Ethnocentrism’s trap

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Ethnocentrism’s trap

 Chae Byung-gun
The author is an international, diplomatic and security news editor of the JoongAng Ilbo.

China’s attitude toward Netflix drama “Squid Game” or kimchi or the movie “The Battle at Lake Changjin” suggest its considerable lack of qualifications as an empire. Despite the popularity of the movie about China’s participation in the 1950-53 Korean War, it is hard to fathom the assertion by the Chinese Ambassador in Pyongyang of the “Great Revival of the Chinese People” on top of his championing of the spirit of “Helping North Korea Defend Against America” during the war on his trip to the monument of the battle in Hamkyong Province. It is nonsense for a big country like China to bring ethnocentrism to the fore.
There are two prerequisites for being an empire: a huge territory and population, as well as an ability to unify the nation internally. That calls for a consensus on finding the greatest common factor in diverse cultures, ethnicities and religions, not to mention an effective system to address conflicts from such differences.
The terrible results of dreaming of an empire based on racial and ethnic superiority were manifested by the Nazi Germany and the Imperial Japan. The Third Reich rooted in the supremacy of the Aryan race and bent on totalitarianism came to a tragic end. Japan could join the ranks of modern states largely thanks to the amazing collaboration of awakened elites and their compliant populace. Yet their consciousness fell short of accepting the use of Korean language, which is the closest to the Japanese language in many respects. Their extreme sense of superiority that Japan is the only awakened country in Asia ended in ashes after two atomic bombs. While dreaming of an empire, Germany and Japan both wanted to build expanded tribal nations.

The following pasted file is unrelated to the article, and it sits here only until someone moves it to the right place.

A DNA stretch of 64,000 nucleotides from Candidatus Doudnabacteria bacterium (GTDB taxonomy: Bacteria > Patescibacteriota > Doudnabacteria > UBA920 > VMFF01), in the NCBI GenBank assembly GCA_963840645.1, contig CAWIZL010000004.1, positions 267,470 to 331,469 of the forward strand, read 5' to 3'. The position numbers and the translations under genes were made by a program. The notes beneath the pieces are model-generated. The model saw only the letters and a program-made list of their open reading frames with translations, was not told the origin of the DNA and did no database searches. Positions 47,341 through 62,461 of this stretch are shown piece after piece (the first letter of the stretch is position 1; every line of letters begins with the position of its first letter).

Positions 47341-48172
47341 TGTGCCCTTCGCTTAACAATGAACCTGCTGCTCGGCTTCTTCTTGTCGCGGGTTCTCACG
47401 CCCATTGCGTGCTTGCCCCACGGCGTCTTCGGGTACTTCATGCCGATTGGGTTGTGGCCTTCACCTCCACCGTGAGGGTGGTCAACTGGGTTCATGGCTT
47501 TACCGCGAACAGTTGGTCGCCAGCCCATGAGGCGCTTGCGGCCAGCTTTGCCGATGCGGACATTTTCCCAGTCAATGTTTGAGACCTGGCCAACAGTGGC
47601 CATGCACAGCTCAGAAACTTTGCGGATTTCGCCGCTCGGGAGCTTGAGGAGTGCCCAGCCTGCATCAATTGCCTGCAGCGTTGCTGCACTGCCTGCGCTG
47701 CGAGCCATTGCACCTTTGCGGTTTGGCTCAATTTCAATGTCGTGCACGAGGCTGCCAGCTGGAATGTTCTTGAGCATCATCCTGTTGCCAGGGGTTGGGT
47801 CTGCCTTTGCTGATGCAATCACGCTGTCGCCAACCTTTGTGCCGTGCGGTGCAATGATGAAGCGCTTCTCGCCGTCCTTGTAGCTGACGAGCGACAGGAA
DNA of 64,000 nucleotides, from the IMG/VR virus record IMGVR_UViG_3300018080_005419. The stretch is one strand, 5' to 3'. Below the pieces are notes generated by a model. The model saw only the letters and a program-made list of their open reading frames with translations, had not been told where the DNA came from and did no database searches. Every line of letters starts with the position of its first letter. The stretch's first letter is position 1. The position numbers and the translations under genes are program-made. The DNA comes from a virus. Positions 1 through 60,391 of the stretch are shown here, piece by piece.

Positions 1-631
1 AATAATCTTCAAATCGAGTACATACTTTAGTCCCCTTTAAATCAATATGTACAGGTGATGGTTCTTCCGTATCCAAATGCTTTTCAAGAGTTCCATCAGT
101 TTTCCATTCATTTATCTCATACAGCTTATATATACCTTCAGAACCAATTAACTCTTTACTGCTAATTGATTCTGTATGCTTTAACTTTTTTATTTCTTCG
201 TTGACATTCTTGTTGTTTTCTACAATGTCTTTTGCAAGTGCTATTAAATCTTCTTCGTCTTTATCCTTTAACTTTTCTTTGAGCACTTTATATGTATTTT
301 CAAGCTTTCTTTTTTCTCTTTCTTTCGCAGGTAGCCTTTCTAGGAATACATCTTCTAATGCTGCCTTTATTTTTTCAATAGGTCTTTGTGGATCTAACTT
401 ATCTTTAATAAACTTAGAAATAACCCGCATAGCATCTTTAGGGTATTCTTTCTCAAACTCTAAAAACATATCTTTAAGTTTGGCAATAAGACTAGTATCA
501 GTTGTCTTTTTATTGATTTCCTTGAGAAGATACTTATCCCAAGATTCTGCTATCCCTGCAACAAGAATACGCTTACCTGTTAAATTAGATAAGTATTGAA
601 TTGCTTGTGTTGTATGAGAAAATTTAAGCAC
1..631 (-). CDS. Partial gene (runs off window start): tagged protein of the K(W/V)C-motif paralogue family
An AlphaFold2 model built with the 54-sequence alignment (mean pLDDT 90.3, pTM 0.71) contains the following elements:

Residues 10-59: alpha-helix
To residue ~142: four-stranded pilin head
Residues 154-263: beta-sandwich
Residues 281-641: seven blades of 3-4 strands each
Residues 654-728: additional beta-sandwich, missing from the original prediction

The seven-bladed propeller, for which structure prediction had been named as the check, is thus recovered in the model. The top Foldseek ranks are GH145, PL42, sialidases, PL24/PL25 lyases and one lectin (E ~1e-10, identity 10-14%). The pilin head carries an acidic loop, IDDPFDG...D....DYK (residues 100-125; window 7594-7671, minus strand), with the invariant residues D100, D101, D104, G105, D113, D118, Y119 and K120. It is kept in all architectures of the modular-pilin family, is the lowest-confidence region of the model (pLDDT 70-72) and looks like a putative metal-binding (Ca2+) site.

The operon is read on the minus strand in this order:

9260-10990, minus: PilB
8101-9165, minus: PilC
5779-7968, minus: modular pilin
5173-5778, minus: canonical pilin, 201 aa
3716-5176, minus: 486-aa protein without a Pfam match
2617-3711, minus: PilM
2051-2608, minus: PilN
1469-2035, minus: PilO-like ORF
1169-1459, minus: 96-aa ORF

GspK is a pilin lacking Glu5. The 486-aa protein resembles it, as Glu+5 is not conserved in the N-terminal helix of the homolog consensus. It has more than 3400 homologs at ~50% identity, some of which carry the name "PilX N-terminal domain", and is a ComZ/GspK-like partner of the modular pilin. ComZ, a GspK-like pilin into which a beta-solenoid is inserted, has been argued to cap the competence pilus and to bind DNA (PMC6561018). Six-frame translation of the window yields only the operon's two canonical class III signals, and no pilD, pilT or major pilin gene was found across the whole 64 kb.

As the imperial days of subjugating other countries and peoples with armed forces ended long ago, imperialism has become a taboo word. But if you define an Alpha Nation — which maintains a big country internally while trying to lead the international community externally — as a “21st century empire,” China can meet the physical requirements given its enormous territory, population and production power. Today’s young people enjoying PC simulation games know very well that you can hardly defeat the enemy if it has an overwhelming strength in numbers.
But quantity alone is not enough for a country to become an Alpha Nation, as internal stability is another quintessential factor for an empire. Its top priority is maintaining a solid political system to incorporate diverse races, ethnic groups, factions and regions.
If you define an Alpha Nation as an empire, the closest to the definition is the United States, where people can pursue the American dream regardless of their backgrounds. That dream allowed a son of a Syrian immigrant to build an IT empire in the land of opportunity. (Steve Jobs’ biological father was Abdulfattah “John” Jandali.) At the core of the fundamental mechanism that enabled the U.S. to integrate its disparate sectors is the system which allows its people to make their dream come true.
Armed with ethnocentrism, China wants to become an empire with its unique propaganda upholding the Chinese Dream — as glamorously expounded by President Xi Jinping in 2012 — and reviving the outdated sinocentrism. But an empire based on ethnic superiority cannot be sustained, as seen in the past.
Looking back, it was proletarian cosmopolitanism, not sinocentrism, that helped build modern China. In the unified dynasties of China, their biggest concern was endless internal divisions and civil wars. Compared to the relative lack of outside enemies, abundant internal fissions and conflicts between the ruler and the ruled dominated the Chinese court. Communism put an end to the disintegration. In other words, it was not Confucianism but Marx-Leninism that dismantled China based on feudalism.
After looking for a frame for development from outside for a while, China is returning to sinocentrism. Since its ideological overcoat does not fit a grown body anymore, the country attempts to find an answer from the past. The Chinese ambassador’s recent addition of the revival of Great China to his eulogy to the Battle at Lake Changjin testifies to Beijing’s uninterrupted march toward a 21st-century empire.
If a country behaves like a tribal state after dismissing diversity and universality of the world, it cannot but shake internally and fuel instability externally.
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